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conversion van

koolkar on Thu June 27, 2013 6:21 PM User is offlineView users profile

Year: 2004
Make: ford
Model: e 350
Engine Size: v-10
Refrigerant Type: 134
Ambient Temp: 91
Pressure Low: 55
Pressure High: 201
Country of Origin: United States

have a conversion van with issues. came to me with a series of problems. first, electrical has been hot. blower switch (also control power) had a terminal burned completely off and wires were shorted together so fan ran constantly. replaced switch. second, found relays i suspect have been too hot. replaced with heavier duty relays. found power wires with discoloration. cut and replaced wires. found undersized connectors on power wires...... why in the name of....... anyway, replaced wires.

so, front a/c works great. power to all components finally, still not cooling. condenser fans working as they should, blowers both fine. am starting to suspect the expansion block at the rear of the unit is not opening to allow refrigerant to enter evaporator. hard to tell if this is the case since the front unit is functioning properly. no real fluctuation in the gage to indicate txv opening and closing. both lines off the txv are warm to touch.

this is NOT your standard conversion van but rather a complete custom van built from the ground up for a music star. it has an incredible amount of wiring and tubing going everywhere and nothing is easy to get at. add to this, components like a big screen t.v that raises from a bulkhead, amazing sound system, fridge, vibrating captains chairs, all manner of lighting and lots of "other stuff" that has wiring crammed everywhere.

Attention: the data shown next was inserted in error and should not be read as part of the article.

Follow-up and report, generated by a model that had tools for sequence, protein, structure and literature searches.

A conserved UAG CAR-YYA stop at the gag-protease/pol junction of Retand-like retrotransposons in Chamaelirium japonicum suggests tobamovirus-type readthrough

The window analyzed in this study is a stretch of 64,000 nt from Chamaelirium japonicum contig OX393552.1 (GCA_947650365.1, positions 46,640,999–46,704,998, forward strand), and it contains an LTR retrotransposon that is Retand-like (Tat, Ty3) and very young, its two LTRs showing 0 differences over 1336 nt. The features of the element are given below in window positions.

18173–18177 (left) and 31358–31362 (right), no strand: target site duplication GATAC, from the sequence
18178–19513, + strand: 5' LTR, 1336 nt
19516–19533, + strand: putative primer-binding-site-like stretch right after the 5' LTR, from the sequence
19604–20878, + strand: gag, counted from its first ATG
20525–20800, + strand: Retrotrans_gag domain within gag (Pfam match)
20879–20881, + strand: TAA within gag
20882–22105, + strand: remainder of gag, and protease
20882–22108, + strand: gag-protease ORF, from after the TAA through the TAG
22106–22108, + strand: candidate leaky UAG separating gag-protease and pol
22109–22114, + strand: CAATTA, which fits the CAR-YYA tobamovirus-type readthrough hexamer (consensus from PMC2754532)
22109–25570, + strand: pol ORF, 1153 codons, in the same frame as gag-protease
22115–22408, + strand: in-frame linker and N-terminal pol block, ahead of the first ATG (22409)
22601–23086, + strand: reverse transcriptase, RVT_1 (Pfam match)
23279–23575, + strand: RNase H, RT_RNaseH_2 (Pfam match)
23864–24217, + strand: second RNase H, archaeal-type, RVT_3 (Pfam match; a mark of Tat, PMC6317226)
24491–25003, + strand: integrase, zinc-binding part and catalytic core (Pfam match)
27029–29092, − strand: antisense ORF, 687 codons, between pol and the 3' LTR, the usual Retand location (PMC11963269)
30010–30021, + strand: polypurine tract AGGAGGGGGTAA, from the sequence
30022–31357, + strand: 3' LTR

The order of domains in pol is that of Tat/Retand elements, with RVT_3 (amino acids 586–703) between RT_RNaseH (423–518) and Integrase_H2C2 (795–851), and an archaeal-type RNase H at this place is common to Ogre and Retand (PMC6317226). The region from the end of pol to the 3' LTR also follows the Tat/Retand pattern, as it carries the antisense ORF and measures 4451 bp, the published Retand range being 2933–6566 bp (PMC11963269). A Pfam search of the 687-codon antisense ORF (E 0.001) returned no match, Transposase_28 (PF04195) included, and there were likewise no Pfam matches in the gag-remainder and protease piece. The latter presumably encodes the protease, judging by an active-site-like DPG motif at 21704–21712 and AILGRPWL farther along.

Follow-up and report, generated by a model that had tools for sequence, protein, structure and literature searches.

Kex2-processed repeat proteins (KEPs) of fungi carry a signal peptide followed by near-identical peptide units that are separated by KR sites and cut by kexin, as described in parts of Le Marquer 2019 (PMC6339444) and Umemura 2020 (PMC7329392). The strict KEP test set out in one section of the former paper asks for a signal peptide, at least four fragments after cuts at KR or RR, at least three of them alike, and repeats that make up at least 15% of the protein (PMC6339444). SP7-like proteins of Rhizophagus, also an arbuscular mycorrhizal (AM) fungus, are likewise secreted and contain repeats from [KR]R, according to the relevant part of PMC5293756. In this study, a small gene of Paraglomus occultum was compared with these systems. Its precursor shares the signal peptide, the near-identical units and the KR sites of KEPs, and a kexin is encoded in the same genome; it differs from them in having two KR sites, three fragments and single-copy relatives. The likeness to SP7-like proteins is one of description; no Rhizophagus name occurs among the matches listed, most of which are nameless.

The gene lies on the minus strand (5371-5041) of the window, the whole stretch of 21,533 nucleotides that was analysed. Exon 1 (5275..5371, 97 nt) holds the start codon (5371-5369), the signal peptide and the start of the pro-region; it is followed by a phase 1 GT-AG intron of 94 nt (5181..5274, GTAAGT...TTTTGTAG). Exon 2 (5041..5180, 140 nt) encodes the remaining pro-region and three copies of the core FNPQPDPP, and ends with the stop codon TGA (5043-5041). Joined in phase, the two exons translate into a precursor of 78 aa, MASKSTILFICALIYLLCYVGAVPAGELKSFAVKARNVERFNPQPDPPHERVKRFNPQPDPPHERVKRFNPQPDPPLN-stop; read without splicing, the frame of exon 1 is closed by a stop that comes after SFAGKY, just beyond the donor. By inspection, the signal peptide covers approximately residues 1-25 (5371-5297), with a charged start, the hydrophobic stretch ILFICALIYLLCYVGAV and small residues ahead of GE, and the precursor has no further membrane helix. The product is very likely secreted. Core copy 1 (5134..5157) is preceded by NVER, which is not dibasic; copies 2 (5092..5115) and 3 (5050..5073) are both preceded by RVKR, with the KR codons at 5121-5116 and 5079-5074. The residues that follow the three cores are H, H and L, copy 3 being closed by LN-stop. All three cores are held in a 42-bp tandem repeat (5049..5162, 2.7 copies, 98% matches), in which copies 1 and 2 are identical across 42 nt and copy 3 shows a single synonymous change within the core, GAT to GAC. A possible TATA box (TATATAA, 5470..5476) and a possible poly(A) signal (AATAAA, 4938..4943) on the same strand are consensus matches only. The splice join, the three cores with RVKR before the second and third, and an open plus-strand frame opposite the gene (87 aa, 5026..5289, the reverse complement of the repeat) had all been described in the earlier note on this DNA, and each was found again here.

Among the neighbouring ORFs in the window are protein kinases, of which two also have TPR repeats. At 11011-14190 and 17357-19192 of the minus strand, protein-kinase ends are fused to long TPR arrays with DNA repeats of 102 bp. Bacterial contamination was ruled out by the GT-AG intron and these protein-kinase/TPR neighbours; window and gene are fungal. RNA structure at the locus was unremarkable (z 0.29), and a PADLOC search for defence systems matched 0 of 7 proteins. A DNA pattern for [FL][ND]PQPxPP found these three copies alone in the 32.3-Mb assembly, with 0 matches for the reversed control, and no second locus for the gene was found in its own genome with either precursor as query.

thinking i'm missing something, but i'm dog tired after working in a black van in direct sunlight at 91 degrees all day.

any ideas would be appreciated. still thinking a bad txv, but maybe a solenoid somewhere i'm missing? to find parts anywhere requires disassembly of panels. most are covered with expensive leather of expensive wood. trying not to remove and replace as much as possible.

mk378 on Thu June 27, 2013 6:44 PM User is offline

Edited: Thu June 27, 2013 at 6:46 PM by mk378

mk378 on Thu June 27, 2013 6:45 PM User is offline

Edited: Thu June 27, 2013 at 6:47 PM by mk378

mk378 on Thu June 27, 2013 6:45 PM User is offline

There could be a solenoid valve. It would be in the high side line between the underhood area and the TXV. If you can reach the TXV, disconnect it, disconnect the front end of the line, then see if you can blow air through the line. If the path is clear the TXV must be bad. It should open when there is air flowing over the rear evaporator, and close down when the air stops, letting the evaporator get very cold. Stock dual air systems typically count on this effect instead of having a solenoid.

Edited: Thu June 27, 2013 at 6:48 PM by mk378

koolkar on Thu June 27, 2013 8:10 PM User is offlineView users profile

thought of a solenoid valve on the high side, and you may well be right. NOT looking forward to tracing the high side line, but think it's gonna have to happen. i've done alot of weird stuff over the years, rooftop units on cabover trucks, r.v.'s, and even a boat or two, as well as r-502 systems on custom busses. been away from the trade for a few years since i broke my neck some time ago and let myself get talked into this by a friend. lot's of "different" stuff on this van like condensor for rear air under the van and behind the rear axle with pusher fans and low/high pressure switch, accumulator, and fan relay UNDER the van, relays and fuse located behind a panel that isn't easy to remove, and power coming off of a 50 amp heavy duty breaker located UNDER the van. the wiring is nuts, and near impossible to trace any length, and heat/corrosion issues to repair as i find them.

gonna start tracing the high side line tonight after it cools down. just read where the same performer who owns this one just bought a new custom van and paid like 500,000 for it. hope i never see that one.

thanks for your response!

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